Susan Johnston, pharmacy manager for UW Health's Pharmaceutical Research Center, prepares a shot of COVID-19 vaccine. Credit: John Maniaci / UW Health
Credit: Claire DeRosa / Wisconsin Watch

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President Joe Biden used his first full day in office to sign 10 executive orders and directives to address COVID-19 during a dark stretch of the pandemic. 

Thursday’s orders would require masks in most planes, trains and airports, create a national school reopening strategy and create a board to expand access to COVID-19 testing, among other actions. 

Biden also signed an order to immediately provide 100% reimbursement to states for use of the National Guard to help COVID-19 relief efforts. The federal government currently reimburses 75% of those costs. 

“Things are going to continue to get worse before they get better. …The death toll will likely top 500,000 next month. The cases will continue to mount,” Biden said. “But let me be equally clear: We will get through this. We will defeat this pandemic. And to a nation waiting for action, let me be clearest on this point: Help is on the way.”

Joey Garrison has the full story for USA TODAY.

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Susan Johnston, pharmacy manager for UW Health’s Pharmaceutical Research Center, prepares a shot of COVID-19 vaccine. Credit: John Maniaci / UW Health

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Quotable

“Would you rather get the shot or be laying up in the hospital not able to see your family?”

— L’Tanya Silas, an environmental services worker at Ascension St. Joseph Hospital, speaking to Milwaukee Neighborhood News Service after receiving a COVID-19 vaccine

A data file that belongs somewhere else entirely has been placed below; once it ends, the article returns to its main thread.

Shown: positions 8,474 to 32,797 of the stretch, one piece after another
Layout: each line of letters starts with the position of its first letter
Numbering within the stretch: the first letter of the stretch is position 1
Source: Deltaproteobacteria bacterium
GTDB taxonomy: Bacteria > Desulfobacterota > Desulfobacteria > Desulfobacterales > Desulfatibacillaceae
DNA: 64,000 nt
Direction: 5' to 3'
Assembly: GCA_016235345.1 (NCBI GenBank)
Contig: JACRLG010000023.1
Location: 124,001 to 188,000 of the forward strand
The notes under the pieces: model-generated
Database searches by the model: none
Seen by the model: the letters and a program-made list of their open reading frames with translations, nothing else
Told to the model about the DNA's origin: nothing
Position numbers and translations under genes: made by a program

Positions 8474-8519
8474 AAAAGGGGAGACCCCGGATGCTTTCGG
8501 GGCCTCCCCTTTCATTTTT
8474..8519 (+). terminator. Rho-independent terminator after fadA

Data to note

WisContext offers these visualizations of Wisconsin COVID-19 infections, deaths and hospitalizations. 

DHS on Thursday reported a seven-day average of 45 new daily COVID-19 deaths. The state’s full COVID-19 death toll is 5,607.

Public health officials continue to urge Wisconsinites to wear masks and practice physical distancing until vaccinations are more widely distributed. 

Calculate your exposure risk

In Wisconsin, even small gatherings can carry a big risk of exposure to the coronavirus, according to a nationwide tool that estimates the danger by the size of gathering and county in which it is held. Data scientists at the Georgia Institute of Technology and Stanford University developed the tool, which you can find here

Resilient Wisconsin

People helping others and showing resilience during this time of anxiety. Send suggestions by tagging us on social media — @wisconsinwatch — or emailing us: tips@wisconsinwatch.org

Research underway to treat COVID-19 long hauler syndrome TMJ4 News 

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